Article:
Argus, Indiana is small, more corn stalks than people in 1984.
It’s one of those places where neighbor means something different.
Everyone’s your neighbor, but each house is a corn or soybean field away.
The home of the Hulse family was just like that,
tucked away off a major road through town with fields to the front and back.
Ron Hulse built the home himself for his wife Darlene and their three daughters.
He picked the spot because his parents and his siblings also had plots of land and homes nearby.
It was an idyllic Midwest life.
Ron’s dad would sometimes pedal his bike the quarter of a mile over from his house to theirs
in the mornings after Ron left for work to say hi to his grandkids.
In fact, he did just that on August 17, 1984.
Besides him, there weren’t many other pop-in visitors.
But that morning, after he left, there was another knock at the door.
The two older girls, who were six and eight, only heard bits of what was happening from where they were in the bathtub.
But what they heard was strange, growling and grunting, low and guttural.
When they left the tub, what they found was a man knelt over their mother trying to tape her eyes and mouth shut.
I remember her saying, don’t hurt my babies.
And she was screaming, blood curdling screams while she was fighting.
So there were grunts and it was just like surreal.
It was completely surreal.
I just remember him coming towards me and me thinking, he’s going to get me now.
He’s going to get me. And I think that’s when she said to run, run, run.
When the girls ran out the front door, they had no idea that would be the last time they’d see their mother.
28-year-old Darlene Hulse was abducted from her home just yesterday.
But the search for her ended here, in this patch of woods just six miles from her home.
The mother of three was found dead.
And while investigators haven’t released the cause of death, they’re calling this a homicide and a manhunt is underway.
It’s been 38 years since that manhunt began and there have been no arrests.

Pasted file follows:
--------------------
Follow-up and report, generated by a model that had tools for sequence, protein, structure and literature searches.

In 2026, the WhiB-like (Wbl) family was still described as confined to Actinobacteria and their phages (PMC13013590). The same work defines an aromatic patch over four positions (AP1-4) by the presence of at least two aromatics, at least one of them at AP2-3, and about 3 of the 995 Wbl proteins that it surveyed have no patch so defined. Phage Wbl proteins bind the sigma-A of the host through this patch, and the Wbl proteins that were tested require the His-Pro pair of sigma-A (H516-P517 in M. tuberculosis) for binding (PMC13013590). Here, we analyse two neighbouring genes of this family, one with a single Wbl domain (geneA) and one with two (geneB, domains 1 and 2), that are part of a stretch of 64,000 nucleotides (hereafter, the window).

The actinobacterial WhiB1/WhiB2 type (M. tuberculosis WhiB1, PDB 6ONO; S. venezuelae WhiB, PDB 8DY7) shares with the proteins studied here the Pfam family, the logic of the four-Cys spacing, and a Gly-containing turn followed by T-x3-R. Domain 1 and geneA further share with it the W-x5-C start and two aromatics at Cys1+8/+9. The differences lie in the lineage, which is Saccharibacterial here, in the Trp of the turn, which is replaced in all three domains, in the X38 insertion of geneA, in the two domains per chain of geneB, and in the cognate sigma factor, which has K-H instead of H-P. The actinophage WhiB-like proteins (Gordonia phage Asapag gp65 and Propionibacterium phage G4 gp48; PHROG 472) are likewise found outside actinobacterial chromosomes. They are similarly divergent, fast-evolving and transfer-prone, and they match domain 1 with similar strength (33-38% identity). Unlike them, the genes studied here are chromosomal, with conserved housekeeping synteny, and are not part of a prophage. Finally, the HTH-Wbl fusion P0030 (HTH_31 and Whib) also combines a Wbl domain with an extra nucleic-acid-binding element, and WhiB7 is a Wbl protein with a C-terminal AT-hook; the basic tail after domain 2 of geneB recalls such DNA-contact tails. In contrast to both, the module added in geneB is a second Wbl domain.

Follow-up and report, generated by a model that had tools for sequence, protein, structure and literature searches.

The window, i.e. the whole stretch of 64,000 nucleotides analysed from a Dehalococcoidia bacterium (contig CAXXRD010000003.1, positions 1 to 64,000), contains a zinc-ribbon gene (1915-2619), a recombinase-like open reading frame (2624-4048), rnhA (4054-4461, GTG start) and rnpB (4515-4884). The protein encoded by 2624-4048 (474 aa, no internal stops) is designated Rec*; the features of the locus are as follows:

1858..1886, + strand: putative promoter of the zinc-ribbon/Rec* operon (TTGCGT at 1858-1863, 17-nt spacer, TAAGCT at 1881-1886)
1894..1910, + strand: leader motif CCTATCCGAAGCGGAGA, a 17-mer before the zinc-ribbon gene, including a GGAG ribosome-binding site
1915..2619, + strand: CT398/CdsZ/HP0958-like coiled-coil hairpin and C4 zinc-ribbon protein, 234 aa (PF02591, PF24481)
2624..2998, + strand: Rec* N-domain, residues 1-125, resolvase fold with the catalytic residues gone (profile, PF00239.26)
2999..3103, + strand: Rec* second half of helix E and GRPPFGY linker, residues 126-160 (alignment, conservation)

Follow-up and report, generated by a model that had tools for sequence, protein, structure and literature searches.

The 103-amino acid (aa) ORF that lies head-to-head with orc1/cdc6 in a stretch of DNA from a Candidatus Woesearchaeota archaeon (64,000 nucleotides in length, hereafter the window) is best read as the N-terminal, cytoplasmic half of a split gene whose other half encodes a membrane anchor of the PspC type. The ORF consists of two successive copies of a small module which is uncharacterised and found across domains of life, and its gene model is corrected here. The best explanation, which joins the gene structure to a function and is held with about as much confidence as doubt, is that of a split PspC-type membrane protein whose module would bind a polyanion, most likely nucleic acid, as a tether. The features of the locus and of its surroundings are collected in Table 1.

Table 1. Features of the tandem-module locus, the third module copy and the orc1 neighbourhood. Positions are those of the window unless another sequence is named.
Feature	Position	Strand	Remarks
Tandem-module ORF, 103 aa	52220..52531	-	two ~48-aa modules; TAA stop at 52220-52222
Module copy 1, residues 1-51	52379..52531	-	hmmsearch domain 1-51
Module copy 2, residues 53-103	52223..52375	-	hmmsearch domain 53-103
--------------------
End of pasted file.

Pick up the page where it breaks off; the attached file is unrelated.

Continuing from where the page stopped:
In those 38 years, eight-year-old Marie, six-year-old Melissa and one-year-old Kristen had to grow up not knowing who took their mother or why.
I remember sitting on the steps in the garage and asking some things.
And I’ll never forget one time Melissa said the one thing that she regrets was not getting me, not grabbing me when they were running out.
And I think that’s piqued my interest.
Like, what do you mean? Like, where was I?
What was going on? So then I started asking more.
And I just always told myself, when I get older, I want to do some digging.
Digging up the truth can be hard in a case that is as cold as an Indiana winter.
But the more we’ve dug, we’ve come to believe that truth might be right below the surface, if you know where to look.
And the answers to decades-old questions could be a whole lot closer to home than anyone ever wanted to believe.
And so I looked him in the eyes and there were the just the red, he looked like a monster.
He doesn’t look like the person that’s walking out there right now.
This case has the potential to be solved within weeks if the people in charge make it a priority.
And what the hell takes so long with the DNA?
Which kind of crap’s that?
So if they came, would you give them your DNA to just rule you out?
They have it. They have it. They took it from me years ago.
If they didn’t still have it and they needed a new sample, would you be cool with it?
No, I’m not going to work with them at all.
But until then, we’re knocking on every door and leaving no stone unturned.
I want to cross you off the list. I have a long list. You’re one of many people.
Leave me the fuck alone!
From Audiocheck, the team behind Apple podcast’s top new show, The Deck,
we’re bringing you an investigation that is too big for just one episode of The Deck.
I’m Ashley Flowers, and this is The Deck Investigates.
In season one, we’re diving deep into the murder of Darlene Hulse, the four of hearts from Indiana.
You can binge all 15 episodes on March 9th, wherever you get your podcasts.